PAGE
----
Honoring Rosalynn Carter: A Life Devoted to Equal Rights, Advocacy, and Service

Coretta Scott King, Rosalynn Carter, Betty Ford, and Lady Bird Johnson supporting the Equal Rights Amendment at the National Women’s Conference in 1977.

Former First Lady Rosalynn Carter passed away on Sunday, leaving behind a transformative impact on mental health care reform as well as the continuing effort to pass the Equal Rights Amendment (ERA).

The ERA was authored by suffragist Alice Paul in 1923 and was introduced in every session of Congress from 1923 until it passed in 1972, when it went to the states for ratification. However, the future of the ERA was in jeopardy after the seven-year arbitrary deadline decided by Congress came to a near end.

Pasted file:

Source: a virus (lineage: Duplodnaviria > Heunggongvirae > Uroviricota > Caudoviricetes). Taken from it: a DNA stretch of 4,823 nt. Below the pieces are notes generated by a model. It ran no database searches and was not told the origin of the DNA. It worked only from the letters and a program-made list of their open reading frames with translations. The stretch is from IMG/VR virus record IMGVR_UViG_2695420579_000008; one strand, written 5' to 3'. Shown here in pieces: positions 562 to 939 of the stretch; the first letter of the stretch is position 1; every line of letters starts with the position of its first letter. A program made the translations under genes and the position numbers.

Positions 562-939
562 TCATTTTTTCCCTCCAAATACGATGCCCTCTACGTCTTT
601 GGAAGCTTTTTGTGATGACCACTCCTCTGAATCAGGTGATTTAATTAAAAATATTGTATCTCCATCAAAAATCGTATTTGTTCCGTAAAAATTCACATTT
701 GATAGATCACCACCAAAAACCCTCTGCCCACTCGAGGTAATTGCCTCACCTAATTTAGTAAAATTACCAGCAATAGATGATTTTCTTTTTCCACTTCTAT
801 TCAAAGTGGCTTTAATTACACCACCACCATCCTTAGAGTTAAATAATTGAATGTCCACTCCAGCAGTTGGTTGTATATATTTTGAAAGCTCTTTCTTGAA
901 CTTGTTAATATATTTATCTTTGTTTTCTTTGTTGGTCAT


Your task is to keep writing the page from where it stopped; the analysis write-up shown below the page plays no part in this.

President Jimmy Carter and First Lady Rosalynn Carter took up the fight to help pass the ERA, with President Carter signing the Extension of the Equal Rights Amendment Ratification (H.J.Res.638) to show his support for extending the time limit to 1982. First Lady Carter would meet with ERA activists and leaders once a month in the White House, with representatives from groups such as the Coalition of Labor Union Women as well as the Feminist Majority Foundation in attendance.

Eleanor Smeal, the co-founder and president of the Feminist Majority Foundation, had fond memories of these meetings with First Lady Carter. She stated, “Rosalynn Carter was a cherished ally of the feminist movement and a committed advocate for equal rights, especially in her commitment to the ERA. She will be missed.”

As First Lady, Rosalynn Carter redefined the role by transcending traditional hostess duties, engaging in substantive humanitarian work, and actively participating in cabinet meetings. Her trailblazing approach, marked by professionalism and a commitment to progress, set a precedent for future First Ladies.

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